Amid a significant slide in automotive advertising, Toyota's Scion brand is launching a new ad campaign that will increase its visibility in traditional media such as television and print. It's a subtle shift for a brand that's known for using underground marketing tactics such as street teams and wild postings to promote its cars rather than television campaigns.
Scion won't divulge how much it is spending on the campaign. But it has bought time on late-night cable television, running spots on Comedy Central, MTV, Spike, Fuel, Fuse and BET; and pages in magazines such as Revolver, Death + Taxes and Juxtapoz; and will launch a 60-second version of the television ads in cinemas starting this month. The campaign, which once again features Scions tricked out by real consumers, began in early January and will run for the next two to three quarters.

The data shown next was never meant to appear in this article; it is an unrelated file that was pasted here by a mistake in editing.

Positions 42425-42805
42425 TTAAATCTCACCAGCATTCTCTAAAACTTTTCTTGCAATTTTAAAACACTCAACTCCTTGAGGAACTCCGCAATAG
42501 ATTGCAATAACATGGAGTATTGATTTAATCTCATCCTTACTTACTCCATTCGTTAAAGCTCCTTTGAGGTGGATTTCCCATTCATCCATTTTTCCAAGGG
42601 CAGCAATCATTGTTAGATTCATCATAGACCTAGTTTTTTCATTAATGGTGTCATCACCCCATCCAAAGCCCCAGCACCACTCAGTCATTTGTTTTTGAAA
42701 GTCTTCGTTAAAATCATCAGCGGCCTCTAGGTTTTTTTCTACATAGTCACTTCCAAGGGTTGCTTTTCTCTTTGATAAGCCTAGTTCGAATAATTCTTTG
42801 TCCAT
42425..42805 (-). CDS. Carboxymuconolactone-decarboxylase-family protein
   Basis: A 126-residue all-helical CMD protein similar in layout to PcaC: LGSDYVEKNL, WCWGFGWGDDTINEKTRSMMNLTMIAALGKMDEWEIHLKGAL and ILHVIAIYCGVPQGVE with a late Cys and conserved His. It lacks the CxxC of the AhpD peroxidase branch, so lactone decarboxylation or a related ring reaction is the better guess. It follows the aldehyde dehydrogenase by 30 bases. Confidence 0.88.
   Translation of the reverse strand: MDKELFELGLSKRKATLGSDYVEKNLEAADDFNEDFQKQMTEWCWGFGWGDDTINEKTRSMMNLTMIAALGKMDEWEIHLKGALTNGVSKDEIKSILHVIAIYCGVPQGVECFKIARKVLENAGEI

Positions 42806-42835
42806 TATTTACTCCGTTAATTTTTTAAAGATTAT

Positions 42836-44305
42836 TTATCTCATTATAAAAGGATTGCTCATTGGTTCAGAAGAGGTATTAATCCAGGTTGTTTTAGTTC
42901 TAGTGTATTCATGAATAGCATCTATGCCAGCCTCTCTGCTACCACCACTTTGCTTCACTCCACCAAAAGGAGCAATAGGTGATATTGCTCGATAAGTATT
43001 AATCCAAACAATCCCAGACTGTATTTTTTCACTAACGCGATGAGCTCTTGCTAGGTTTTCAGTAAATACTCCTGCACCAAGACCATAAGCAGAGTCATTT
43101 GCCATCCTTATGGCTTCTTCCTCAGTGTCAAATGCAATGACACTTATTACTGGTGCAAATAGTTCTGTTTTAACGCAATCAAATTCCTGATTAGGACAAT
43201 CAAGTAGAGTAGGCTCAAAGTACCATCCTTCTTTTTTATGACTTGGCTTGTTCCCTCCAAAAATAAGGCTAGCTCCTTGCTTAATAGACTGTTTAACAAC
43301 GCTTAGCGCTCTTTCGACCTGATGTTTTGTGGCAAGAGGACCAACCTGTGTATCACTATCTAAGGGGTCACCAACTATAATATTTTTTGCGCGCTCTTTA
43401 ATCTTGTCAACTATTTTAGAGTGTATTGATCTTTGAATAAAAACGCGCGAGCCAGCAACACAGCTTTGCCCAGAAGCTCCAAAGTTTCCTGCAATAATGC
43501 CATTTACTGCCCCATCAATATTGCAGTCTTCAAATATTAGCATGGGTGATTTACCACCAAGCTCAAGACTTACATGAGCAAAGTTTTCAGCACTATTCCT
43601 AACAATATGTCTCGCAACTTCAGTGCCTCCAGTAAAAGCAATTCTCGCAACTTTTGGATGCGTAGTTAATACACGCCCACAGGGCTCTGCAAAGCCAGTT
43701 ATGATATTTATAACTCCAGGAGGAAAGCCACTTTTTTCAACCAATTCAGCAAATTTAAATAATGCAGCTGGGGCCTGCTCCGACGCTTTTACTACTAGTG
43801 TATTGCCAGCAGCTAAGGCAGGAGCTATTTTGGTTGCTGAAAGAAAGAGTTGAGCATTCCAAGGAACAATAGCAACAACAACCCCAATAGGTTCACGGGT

"Our goal is to continue building our brand," says Nancy Inouye, Scion's advertising and media manager, in response to why Scion is ramping-up advertising instead of hunkering down as many competitors are doing. "We are a lifestyle brand and that makes us different," she says. "Our consumer base is used to having fresh content on a regular basis."
Ironically, that content may have a better chance of breaking through with consumers on television than on non-traditional media such as online, says Simon Needham, cofounder and creative director at ATTIK, which created the ads for Scion. Even as many auto advertisers have shifted their budgets to more online advertising, Needham says there's a big question over what the return is for an investment online, especially the use of brand-specific microsites.
"A few years ago, we would have half a million hits on those sites; now we are down to 50,000," he says. "The Internet is a busy place, and so television might be the place to break through, because the Web is so messy and busy."